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Bailment Contract

The Bailment Contract form (74-190) is an agreement between a state agency and the Comptroller’s office that allows the Comptroller’s office to release payroll warrants to the agency before the pay date. The bailment contract applies to twice-monthly, monthly and any postdated payroll, retirement, payroll deduction and reimbursement warrants.

Texas Government Code, Section 403.072(b), requires the Comptroller’s office to hold payroll warrants until payday. However, Texas Government Code, Section 403.072(c), provides for the Comptroller’s office to adopt rules allowing agencies to receive warrants prior to the pay date for timely distribution. The bailment contract accomplishes this with the condition that the warrants are not distributed until payday.

The Comptroller’s Treasury Operations Division (Treasury Operations) will not honor warrants presented for payment prior to the issue date on the warrant and will report such occurrences to the Fiscal Management Division.

If a first or second violation occurs, the Fiscal Management Division will notify the agency by letter or email. The agency must then submit in writing to the Comptroller’s office the corrective steps it will implement to ensure compliance with the bailment contract. On a third violation within a two-year period, the bailment contract may be terminated immediately. If an agency’s contract is terminated, post-dated payroll warrants will not be available for pickup or mailed to the agency until the issue date on the warrants.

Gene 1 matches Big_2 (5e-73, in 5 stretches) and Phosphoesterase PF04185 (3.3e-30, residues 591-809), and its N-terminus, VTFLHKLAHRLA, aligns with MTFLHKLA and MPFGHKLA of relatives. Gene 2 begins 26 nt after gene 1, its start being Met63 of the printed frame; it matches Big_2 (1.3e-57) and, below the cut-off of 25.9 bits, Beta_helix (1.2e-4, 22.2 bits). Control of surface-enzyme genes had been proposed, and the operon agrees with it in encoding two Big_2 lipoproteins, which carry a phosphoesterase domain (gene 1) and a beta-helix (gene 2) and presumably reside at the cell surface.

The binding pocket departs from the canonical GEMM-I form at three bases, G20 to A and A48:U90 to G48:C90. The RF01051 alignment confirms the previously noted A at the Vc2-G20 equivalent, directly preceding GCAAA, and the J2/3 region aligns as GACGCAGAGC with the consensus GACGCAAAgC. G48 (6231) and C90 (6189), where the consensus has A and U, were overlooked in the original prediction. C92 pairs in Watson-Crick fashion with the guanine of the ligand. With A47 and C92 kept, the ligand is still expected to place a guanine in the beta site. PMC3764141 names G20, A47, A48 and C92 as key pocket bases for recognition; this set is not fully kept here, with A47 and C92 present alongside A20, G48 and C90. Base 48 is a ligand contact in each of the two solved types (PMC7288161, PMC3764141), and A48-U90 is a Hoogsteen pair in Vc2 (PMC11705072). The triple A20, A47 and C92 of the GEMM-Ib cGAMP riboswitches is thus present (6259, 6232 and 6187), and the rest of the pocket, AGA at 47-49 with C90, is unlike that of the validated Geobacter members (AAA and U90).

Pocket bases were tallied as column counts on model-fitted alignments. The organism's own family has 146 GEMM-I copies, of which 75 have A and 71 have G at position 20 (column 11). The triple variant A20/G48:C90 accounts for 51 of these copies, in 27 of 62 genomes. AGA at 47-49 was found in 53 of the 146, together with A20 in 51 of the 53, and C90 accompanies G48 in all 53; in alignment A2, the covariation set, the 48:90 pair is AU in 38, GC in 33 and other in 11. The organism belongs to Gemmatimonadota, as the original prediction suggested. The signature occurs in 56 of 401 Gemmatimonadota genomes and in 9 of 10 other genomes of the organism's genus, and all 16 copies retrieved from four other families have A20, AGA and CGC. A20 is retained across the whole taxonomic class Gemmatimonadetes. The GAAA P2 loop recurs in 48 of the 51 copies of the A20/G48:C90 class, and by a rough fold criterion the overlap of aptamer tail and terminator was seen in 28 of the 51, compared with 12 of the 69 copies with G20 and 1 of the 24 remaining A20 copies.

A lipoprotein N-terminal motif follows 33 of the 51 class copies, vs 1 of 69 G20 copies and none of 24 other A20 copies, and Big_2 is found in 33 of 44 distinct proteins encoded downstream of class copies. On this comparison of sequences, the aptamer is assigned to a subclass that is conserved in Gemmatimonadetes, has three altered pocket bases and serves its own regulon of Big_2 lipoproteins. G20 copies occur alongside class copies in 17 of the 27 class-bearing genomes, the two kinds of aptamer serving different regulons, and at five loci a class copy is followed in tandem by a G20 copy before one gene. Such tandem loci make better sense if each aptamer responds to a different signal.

A single violation of the bailment contract is defined by the issue date on the payroll warrants reported by Treasury Operations as having been presented for payment prior to the warrant issue date.

If… Then…
On Dec. 28 Treasury Operations reports 15 payroll warrants as having been presented for payment before the warrant issue date of Jan. 3. It is considered one (1) violation.
On Dec. 28 Treasury Operations reports two payroll warrants with a Dec. 31 issue date and two payroll warrants with a Jan. 3 issue date as having been presented for payment prior to their issue dates. It is considered two (2) violations.
NOTE: Financial institutions may assess fees when funds are refused by Treasury Operations from the original deposit. Employees may incur fees and other charges from their financial institution if they attempt to deposit a warrant prior to the issue date.

The bailment contract signed by your chief fiscal officer or agency head is considered a perpetual agreement. However, the contract may be terminated by either party with proper notice. It is a good business practice to resubmit the contract when your agency’s senior management changes. Agencies are required to retain a copy of the completed and signed form.

Without a bailment contract, Payment Services will not distribute post-dated warrants to agencies until the payment date.